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HSFPP Weekly Update # 93—2004 Jump$tart Results
Message from Flashman: This week’s story In the New$ ... is a commentary from Janet Bodnar, writer for Kiplinger’s Personal Finance, on the financial literacy (or, more often, financial illiteracy) of today’s teenagers, along with suggestions for parents to help educate their teens on financial matters.
We still want to know how your students compare on selected questions from the survey, as it’s important for us to see if the HSFPP is making a difference in their financial knowledge. It is also important for us to know which questions students do not understand so, when revisions are made in the program materials, we can do a better job.
We really need your help with this; so far, only a few of you have responded. It might be easier for you to fax total class responses, rather than e-mailing your final tally. Our fax number is (859) 257-3212. Please direct your fax to the attention of Robert H. Flashman.
Suggested Activity for Teachers:
I’ve written a letter that you can adapt to send to parents to show how your class compares on a national study on financial literacy. If the results are positive, and I believe they will be, it will show how well your class is preparing young adults for the real world. I also suggest that you attach the questions and answers from the abbreviated Jump$tart Survey (included in Weekly Update # 92) to your letter.
Indirectly, this is a good way to educate parents, as well as teens. Surveys of adults on their levels of financial literacy show that many of them also could learn from materials presented in your class.
(Those of you who only use the updates and website, please substitute the appropriate information about the materials you do use for what I’ve said here about the workbook.)
Answers and percentage with correct answer:
1-B 67.5%; 2-A 90.2%;
3-C 62.1%; 4-A 65.8%; 5-C 70.2%;
6-D 48.4%; 7-C 51.2%; 8-A 47.1%; 9-A 55%; 10-D 48%
Letter to Parents
As you may know, financial illiteracy is a problem for those of high school age. To address this problem, we use the High School Financial Planning Program, which is sponsored by the National Endowment for Financial Education (NEFE). Each student receives a 120-page workbook, which remains an excellent resource for students even after they have graduated high school. The book covers subjects such as setting financial goals and budgeting, credit, investing, and insurance. One of the activities completed in your teenager’s class is the abbreviated Jump$tart Questionnaire, a financial literacy test that is used nationally. By showing you the materials that are used in class, we want to let you know the value of our class, Title of Class, in preparing your teenager for the real world.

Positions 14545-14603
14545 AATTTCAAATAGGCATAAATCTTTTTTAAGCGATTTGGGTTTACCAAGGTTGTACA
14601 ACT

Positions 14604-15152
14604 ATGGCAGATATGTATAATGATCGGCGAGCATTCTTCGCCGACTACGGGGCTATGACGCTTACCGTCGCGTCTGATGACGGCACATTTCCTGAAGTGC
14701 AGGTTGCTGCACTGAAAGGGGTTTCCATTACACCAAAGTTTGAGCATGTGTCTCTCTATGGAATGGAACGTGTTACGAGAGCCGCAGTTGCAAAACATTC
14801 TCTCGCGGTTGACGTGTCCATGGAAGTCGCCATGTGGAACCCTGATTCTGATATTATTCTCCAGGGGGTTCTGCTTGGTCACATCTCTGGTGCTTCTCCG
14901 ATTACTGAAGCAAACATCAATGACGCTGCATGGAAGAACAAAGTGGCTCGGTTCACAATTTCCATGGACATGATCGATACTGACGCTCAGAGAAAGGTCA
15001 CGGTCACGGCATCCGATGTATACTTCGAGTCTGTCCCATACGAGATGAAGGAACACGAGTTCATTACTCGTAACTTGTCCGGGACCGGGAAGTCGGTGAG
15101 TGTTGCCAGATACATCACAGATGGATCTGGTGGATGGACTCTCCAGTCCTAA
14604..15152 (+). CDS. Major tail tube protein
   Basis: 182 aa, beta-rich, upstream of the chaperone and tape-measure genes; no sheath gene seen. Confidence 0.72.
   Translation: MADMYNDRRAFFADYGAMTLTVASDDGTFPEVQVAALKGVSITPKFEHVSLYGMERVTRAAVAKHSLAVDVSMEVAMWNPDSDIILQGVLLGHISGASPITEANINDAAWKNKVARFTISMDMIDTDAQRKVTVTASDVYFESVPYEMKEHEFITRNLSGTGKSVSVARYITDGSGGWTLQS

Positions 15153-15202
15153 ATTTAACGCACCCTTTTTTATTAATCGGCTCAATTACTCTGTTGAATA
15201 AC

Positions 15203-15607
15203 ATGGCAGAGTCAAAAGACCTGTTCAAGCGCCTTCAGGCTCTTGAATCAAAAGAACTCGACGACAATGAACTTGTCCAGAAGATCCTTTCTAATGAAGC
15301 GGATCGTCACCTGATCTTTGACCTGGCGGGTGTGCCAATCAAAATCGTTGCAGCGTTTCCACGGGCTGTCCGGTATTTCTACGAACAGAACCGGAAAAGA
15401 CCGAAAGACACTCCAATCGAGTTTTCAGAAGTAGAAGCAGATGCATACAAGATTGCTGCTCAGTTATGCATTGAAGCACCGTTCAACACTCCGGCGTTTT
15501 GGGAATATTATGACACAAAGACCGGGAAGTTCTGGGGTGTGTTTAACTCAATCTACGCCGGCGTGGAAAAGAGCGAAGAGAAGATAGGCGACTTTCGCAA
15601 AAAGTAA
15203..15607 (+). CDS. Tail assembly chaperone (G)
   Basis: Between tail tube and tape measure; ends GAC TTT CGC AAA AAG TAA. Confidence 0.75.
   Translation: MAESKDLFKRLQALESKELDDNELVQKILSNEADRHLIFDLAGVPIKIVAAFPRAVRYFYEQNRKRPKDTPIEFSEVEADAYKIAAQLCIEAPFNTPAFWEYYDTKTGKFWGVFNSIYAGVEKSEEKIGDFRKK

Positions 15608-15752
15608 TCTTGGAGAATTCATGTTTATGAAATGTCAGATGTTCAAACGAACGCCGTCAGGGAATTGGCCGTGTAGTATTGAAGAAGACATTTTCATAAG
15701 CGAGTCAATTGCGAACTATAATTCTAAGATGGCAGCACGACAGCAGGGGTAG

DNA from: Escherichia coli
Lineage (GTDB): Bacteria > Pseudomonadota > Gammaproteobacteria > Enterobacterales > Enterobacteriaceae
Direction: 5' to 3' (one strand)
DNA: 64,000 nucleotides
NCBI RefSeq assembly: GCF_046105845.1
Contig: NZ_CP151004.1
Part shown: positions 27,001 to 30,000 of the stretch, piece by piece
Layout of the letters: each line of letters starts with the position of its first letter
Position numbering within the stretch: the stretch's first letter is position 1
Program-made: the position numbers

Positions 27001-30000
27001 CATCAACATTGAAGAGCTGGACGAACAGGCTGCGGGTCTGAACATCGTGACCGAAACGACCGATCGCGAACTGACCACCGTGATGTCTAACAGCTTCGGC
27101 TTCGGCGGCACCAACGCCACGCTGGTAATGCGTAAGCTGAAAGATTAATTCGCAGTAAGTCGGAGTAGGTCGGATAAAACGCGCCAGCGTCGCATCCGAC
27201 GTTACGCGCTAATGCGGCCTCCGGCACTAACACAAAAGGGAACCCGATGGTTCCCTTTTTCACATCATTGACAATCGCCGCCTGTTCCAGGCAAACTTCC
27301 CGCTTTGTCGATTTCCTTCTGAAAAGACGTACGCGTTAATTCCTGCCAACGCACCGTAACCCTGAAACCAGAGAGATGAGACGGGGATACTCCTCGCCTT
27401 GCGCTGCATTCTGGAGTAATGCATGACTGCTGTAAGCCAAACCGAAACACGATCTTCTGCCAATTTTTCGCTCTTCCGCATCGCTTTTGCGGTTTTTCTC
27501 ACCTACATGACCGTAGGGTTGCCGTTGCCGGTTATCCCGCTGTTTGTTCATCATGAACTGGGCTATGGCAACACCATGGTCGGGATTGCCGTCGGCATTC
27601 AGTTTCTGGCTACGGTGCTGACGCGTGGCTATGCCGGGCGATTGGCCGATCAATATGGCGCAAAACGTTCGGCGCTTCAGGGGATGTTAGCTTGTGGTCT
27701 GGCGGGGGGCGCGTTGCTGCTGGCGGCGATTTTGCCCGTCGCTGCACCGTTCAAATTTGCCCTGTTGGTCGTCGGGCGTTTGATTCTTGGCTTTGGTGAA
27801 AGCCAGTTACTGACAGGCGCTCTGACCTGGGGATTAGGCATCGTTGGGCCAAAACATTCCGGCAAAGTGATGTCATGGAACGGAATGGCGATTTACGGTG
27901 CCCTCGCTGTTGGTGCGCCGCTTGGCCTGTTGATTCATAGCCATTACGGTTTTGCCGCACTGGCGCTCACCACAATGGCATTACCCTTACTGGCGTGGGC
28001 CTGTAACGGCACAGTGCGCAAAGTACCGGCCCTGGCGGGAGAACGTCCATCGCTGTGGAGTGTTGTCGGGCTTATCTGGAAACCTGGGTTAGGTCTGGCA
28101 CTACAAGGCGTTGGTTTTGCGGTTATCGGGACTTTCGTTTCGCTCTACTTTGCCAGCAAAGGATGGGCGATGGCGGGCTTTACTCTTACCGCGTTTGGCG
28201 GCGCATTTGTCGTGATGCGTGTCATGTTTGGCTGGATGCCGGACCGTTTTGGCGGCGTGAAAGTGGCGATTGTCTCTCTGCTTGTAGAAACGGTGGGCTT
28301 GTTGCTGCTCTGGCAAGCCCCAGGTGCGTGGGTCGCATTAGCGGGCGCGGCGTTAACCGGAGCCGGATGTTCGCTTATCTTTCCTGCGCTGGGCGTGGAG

Included with this letter is a commentary from Janet Bodnar, writer for Kiplinger’s Personal Finance, on the financial literacy levels of today’s teenagers based on the Jump$tart Coalition’s national study.
MONEY SMART KIDS: Kids Show Financial Literacy
April 22, 2004 by Janet Bodnar
“For the first time since 1997, high school seniors have reversed declining scores on a test of financial literacy. The survey, conducted for the Jump$tart Coalition for Personal Financial Literacy, tested how much students knew about such topics as credit cards, insurance and retirement funds. Students in the 2004 survey answered 52.3% of the questions correctly, up from 50.2% in 2002 and 51.9% in 2000.
“That's good news. But I'd like to focus on an interesting finding of the study. It seems that students who said they receive a regular allowance did slightly worse, scoring 50% on the test. If an allowance doesn't improve a child's financial literacy—at least as measured by this exam—should parents bother to give one?
“Yes, yes, a thousand times yes. The Jump$tart study also showed that young people who are thrifty didn't score better on the exam, yet we consider thrift a virtue. So, too, is knowing how to manage an allowance—which I define as a fixed amount of money that kids receive at regular intervals, along with specific financial responsibilities.
“There are limits to what an allowance can do. It will not teach kids that they could lose health insurance if their parents become unemployed (a question that fewer than one-third of the students answered correctly). It will not teach kids that stocks are likely to have a higher average return than savings accounts over an 18-year period (a fact that less than 20% of students knew).
“Children will only learn that kind of information if adults go the extra mile to discuss it. Yet it's precisely those ‘advanced’ financial topics that parents are reluctant to tackle. A survey by Northwestern Mutual showed that only 39% of parents discuss responsible use of credit cards with their kids, and just 23% have broached the subject of investing.
“That's where schools come in. Parents can certainly do better, and in this column I offer painless and practical advice. But classrooms are the perfect venue for teaching big-picture lessons about the stock market or social security, while parents focus on day-to-day money management skills.
“To be successful, however, an allowance has to be easy to administer, and both you and your children have to be clear on how it will work. Next week, I'll tell you how to set up a foolproof system.”
Kentucky High School Financial Planning Program
The purpose of this Web site is to assist county extension agents, credit union educators, and high school teachers in improving the economic well-being of our constituency, beginning with todays students; and also, to assist teachers in Kentucky in meeting KERAs goal that all students become technologically literate. Weekly Updates are provided by the University of Kentucky Cooperative Extension Service, and are free to all educators.